I’ve had anger issues for just about as long as I can remember. Even as a child, I remember many occasions where I would just “blow up” at the slightest inconvenience. I used to get so emotionally charged that I was always lashing out to my surroundings.
I know that managing anger isn’t easy. Sometimes it feels pointless and you just want to give up. I get it, I’ve been there too, I understand your struggle.
Over the many years I’ve suffered with anger issues, I’ve tried and tested many different anger management exercises. Some anger management exercises worked well while others only made things worse.
In this article, I’ll be going over the anger management exercises that worked as well as the ones that didn’t. I’m including the ones that didn’t work as a reference for you to use.
If you’re as impulsive and short-tempered as I used to be, I think the ones that worked for me will work for you too.
Exercises That Worked
Screaming at the top of your lungs is often seen as a big no-no when it comes to wanting to control your anger. But, I’ve found that screaming is actually a great anger management exercise that quickly makes my anger disappear.
When I scream, I don’t do it towards the person or thing that’s causing my anger. I do it in a controlled environment where no one bears the brunt of my scream. For example, I’ll scream into my pillow when I’ve had a rough day and this gets the angry energy out of me very quickly.
The only negative sides I’ve found with this method is that it is very loud and kind of concerning to any people close by. Also, it takes a toll on your voice if you do it for to long.
In my experience though, I’ve found that the benefits far outweigh the consequences so I’ll continue to do this so long as I have my voice.
Yelling at someone because you’re angry is not the same thing as screaming to let out frustration. Yelling at people out of anger is projecting your emotions onto another person… On the flipside, stress-screaming is controlled. You’re purposely planning to let out some steam verbally. Think of it as another physical way to relieve stress…Does Screaming Relieve Stress? | Mellowed
2. Going on Hikes
I love to be outdoors and going on hikes so this one was a no brainer for me. I’ve found that going on even 15 minute walks at a moderate pace has allowed me to be more on my toes both figuratively and literally.
Hiking, to me, gives me a chance to focus on my surroundings and just get from Point A to Point B without allowing any obstacles in my way to stop me.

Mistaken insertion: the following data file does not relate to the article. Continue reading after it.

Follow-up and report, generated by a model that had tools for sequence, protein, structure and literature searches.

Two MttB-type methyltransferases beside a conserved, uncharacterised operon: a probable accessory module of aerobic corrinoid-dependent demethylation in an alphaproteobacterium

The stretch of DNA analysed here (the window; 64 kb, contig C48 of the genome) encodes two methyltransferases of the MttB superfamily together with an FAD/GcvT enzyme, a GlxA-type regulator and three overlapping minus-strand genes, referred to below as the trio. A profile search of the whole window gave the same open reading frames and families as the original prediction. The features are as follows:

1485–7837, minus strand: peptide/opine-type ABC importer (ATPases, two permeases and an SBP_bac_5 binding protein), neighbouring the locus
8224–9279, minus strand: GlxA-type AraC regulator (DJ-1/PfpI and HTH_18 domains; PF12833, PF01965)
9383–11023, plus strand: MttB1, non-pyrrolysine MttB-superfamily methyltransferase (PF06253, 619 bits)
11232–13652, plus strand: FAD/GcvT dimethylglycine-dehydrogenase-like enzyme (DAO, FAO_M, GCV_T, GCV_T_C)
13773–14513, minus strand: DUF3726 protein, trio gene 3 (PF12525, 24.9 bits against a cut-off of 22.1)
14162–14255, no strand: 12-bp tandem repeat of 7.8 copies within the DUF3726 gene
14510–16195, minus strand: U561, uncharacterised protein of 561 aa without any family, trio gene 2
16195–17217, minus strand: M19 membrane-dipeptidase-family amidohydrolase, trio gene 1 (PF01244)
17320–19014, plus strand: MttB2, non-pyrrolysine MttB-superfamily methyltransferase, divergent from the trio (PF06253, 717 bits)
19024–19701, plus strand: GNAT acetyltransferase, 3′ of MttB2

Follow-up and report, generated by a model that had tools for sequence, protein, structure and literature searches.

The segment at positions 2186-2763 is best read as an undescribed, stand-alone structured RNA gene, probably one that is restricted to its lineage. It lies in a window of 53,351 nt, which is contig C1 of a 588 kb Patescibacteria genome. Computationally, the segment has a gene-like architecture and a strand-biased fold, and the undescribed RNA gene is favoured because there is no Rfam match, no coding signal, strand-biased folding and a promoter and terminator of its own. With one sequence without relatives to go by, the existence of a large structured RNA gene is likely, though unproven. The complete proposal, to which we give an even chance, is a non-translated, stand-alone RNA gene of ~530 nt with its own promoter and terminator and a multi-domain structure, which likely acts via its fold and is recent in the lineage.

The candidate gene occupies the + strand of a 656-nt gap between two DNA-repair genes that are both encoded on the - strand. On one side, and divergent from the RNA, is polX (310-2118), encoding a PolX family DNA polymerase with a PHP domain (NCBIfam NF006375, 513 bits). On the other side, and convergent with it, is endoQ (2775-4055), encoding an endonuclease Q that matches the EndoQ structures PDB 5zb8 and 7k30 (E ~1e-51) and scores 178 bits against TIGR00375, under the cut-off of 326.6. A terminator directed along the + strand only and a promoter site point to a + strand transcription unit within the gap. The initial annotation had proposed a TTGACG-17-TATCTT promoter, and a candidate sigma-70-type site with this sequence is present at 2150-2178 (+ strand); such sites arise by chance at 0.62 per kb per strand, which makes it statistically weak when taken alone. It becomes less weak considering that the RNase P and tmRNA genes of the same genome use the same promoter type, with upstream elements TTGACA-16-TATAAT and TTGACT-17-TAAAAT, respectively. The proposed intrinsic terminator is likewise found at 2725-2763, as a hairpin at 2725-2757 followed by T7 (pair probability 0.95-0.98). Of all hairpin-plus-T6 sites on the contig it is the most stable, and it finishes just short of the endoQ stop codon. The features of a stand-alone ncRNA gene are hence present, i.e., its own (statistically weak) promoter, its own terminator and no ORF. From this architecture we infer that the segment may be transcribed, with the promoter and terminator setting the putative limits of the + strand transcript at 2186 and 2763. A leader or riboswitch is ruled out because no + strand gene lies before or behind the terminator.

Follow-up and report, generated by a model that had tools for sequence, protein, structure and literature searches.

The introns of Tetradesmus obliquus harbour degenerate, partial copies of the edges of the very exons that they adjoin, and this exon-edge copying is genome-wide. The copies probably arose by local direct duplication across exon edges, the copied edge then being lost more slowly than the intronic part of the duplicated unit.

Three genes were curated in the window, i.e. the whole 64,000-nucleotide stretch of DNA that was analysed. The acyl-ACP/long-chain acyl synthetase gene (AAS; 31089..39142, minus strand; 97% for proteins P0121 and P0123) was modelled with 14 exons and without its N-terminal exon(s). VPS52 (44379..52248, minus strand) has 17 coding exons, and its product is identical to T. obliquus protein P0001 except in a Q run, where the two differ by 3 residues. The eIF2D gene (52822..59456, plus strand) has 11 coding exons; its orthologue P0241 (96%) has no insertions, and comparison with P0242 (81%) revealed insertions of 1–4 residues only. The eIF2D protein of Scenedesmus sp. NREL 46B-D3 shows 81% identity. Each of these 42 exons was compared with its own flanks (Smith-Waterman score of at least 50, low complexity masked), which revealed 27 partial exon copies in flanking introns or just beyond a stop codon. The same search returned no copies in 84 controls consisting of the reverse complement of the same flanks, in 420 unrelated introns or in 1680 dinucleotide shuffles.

I’ve found hiking to be a great teacher when it comes to life lessons. I’ve learned that when you’re facing any obstacles while trying to get to your destination, you don’t let it stop you from going where you want to be. Instead, you go around the obstacle and continue towards your destination.
Masturbation is one of those taboo things that no one seems to want to talk about. Maybe it’s because people feel uncomfortable about the subject or they don’t want to come across in the wrong light.
Whatever the reason, I don’t care. Masturbation is a great anger management exercise that works fantastically.
Masturbation has proven to be a great method that allows me to release my stress and anger. When we masturbate, we feel a sense of pleasure and relief. It also allows our brains to release hormones and chemicals that make us instantly feel good.
In many ways, masturbation is more effective than taking pills, drugs, and even counselling when it comes to speed and efficiency in dealing with anger.
Masturbation can actually be good for your health, both mentally and physically… When you have an orgasm, your body releases endorphins, which are hormones that block pain and make you feel good. The good feelings that accompany an orgasm happen whether you’re by yourself or having sex with a partner.Masturbation | Planned Parenthood
4. Getting Quality Sleeping
I’ve found that getting more than 5-7 hours of sleep makes me cranky. Yes, too much sleep makes me just as cranky as not getting enough of it. In many situations, I’ve probably gotten even more cranky due to having too much sleep than because I didn’t have enough of it.
Quality sleep is hard to measure because the amount of sleep needed changes based on the day’s activity level. I don’t bother trying to count my hours of sleep anymore though. Now I just sleep whenever I’m tired and my body has become accustomed to waking up when I’ve had just the right amount of sleep.
Some days that means 4 hours of sleep, other days that means up to 7 hours.
5. Eating Good Food
Eating bad good makes the body feel heavy and tired. Especially because I suffer from acne, eating crappy food always hits me on two ends instead of one.
On one side, my body feels like crap. On the other, I get breakouts when my diet turns poor.
While I still eat a lot of fried food and things that aren’t all that good for me, I make it a big deal to at least get just as much good nutrition into my body through veggies and fruits.
This has made a huge difference for me when it comes to dealing with both my acne and my emotions.
6. Drinking Lots of Water
As I’m sure you know, drinking lots of water is good for the body. It allows our body to rid itself of junk and just be more hydrated. As well, drinking water helps in controlling weight, stress, and your body’s temperature.
By lots of water, I mean drinking enough water to quench your body’s thirst and its desire for water.
Contrary to popular belief, your body doesn’t need “8 cups of water” per day. Our bodies have developed over many years to be fantastic at knowing when it needs water.
Drinking when you’re thirsty or when you feel parched will serve your body much better than drinking too much water. This is because drinking too much water has its own set of issues as our bodies can only take in so much water before whatever else it takes in just isn’t necessary.
The amount of water needed will depend on your body, your activity level, and where you live. As a general rule of thumb, the more you sweat and lose water, the more of it you need to replenish. But again, that all depends on those 3 things I mentioned.